Prague, Czech Republic—The Czech Republic chapter of UPF recently convened its third conference in the Czech Parliament on the topic of the family.
The purpose of the conference, titled “The Family and the Present Time,” was to inform the participants about pressing issues concerning the family in the Czech Republic and Europe.
The two previous conferences were titled “The Family and Society” (May 2014) and “The Family in the 21st Century” (held during a UPF-organized European Leadership Conference in October 2014).
At the June 3 conference more than 80 participants listened to presentations by six members of the Czech Parliament and one member of the European Parliament, among other speakers. There was a lively discussion after each panel.
The event was organized together with the Civic Institute and supported by the Topaz organization under the auspices of Mrs. Nina Nováková, a member of the Czech Parliament.
Dr. Juraj Lajda, secretary general of UPF-Czech Republic, opened the conference by mentioning that the date of the conference was chosen to honor both International Day of Families (May 15) and Global Day of Parents (June 1), both proclaimed by the United Nations.
Dr. Lajda reminded the audience that the family is defined in UN documents as consisting of a father, a mother and children. He spoke of the roles of fathers and mothers and described the fundamental structure of the family including the vertical, horizontal and individual, which correspond to the order of the universe. A violation of this order implies the destruction of the society and universe, he said.
Dr. Jan Jandourek, a well-known Czech essayist, writer and theologian, spoke about the changes in the family in the last two generations. He compared the family under communism and today. During communist times, the totalitarian society could interfere with the family at any time, he said. The family was like a hostage. Today we have a free society, and there are more opportunities in life.
The concept of family also has changed, Dr. Jandourek said. There are more unmarried individuals, and people do not consider the family as important as before, he said. The passing of experiences from one generation to another is not considered necessary, as the young generation can find all information on the Internet. The crisis of the traditional family is a result of the crisis of the traditional society, he said.
Mr. Michal Heres, a lawyer dealing with family law, explained that each law is based on traditions and religion. Nowadays family law is given less value in the Czech Republic, and there is no specialization for family law. The courts should not be the ones to decide about children, he said, but rather parents should solve these problems by themselves.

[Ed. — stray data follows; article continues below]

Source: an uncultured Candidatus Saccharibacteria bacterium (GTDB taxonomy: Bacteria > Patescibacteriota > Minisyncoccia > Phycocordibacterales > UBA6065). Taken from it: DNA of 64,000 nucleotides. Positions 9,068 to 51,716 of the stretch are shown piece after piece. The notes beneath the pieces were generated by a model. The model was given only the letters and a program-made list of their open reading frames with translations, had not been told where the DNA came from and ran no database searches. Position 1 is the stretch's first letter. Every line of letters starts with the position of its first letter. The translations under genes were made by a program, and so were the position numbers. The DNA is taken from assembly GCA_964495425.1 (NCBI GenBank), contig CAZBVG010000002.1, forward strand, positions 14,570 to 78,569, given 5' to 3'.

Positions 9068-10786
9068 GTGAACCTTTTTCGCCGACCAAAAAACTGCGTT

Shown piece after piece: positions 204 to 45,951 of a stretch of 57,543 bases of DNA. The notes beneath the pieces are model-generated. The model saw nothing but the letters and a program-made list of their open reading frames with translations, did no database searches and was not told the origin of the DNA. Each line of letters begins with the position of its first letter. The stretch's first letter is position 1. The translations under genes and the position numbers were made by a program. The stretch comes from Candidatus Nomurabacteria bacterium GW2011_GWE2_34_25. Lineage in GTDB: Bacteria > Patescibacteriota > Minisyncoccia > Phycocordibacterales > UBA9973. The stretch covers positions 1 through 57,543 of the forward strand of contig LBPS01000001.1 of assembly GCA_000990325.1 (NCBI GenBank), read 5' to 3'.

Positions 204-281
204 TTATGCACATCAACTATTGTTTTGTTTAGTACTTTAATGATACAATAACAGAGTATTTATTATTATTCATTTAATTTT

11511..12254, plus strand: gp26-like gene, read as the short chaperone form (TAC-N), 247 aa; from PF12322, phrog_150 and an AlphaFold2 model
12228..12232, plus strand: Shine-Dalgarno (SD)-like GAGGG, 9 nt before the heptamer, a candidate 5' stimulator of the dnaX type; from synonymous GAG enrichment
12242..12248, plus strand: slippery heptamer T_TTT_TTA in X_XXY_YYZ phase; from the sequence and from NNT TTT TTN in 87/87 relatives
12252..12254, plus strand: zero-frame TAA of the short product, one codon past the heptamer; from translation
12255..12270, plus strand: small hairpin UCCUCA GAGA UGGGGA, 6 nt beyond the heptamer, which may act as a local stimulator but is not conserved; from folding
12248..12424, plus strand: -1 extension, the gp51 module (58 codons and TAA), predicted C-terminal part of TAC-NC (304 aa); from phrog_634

Dr. Petr Mach, a member of the European Parliament, was the next speaker. A family consists of a father, a mother and children, he said. It is unfortunate that some trends are attempting to destroy this concept. If we are aware of the family breakdown and find out which laws are destroying the family, then correction is possible, he said. Various feminist projects are being financed by European money. The gender ideology wants to push the limits. In the family there is a lot of freedom and a free environment that disturbs some people, who want to interfere with it. Someone, a government minister or an official, has some idea how to educate children and tries to impose it on others. There are many cases in which children are being taken from their family; Dr. Mach mentioned Norway and Great Britain. There is no reason to take away children from their family just because one parent smokes, he said. The family should be the priority, and the child belongs above all to the family.
Dr. Jitka Chalánková, MP (member of Parliament) and a medical doctor, emphasized that politicians should always take a stand on behalf of the family (at least conservative politicians). The adoption of children by homosexuals is not correct, she said. The more the state interferes with the family, the easier it will be for parents to lose their children. Dr. Chalánková is very active in a case in which two children were taken away from a Czech mother in Norway.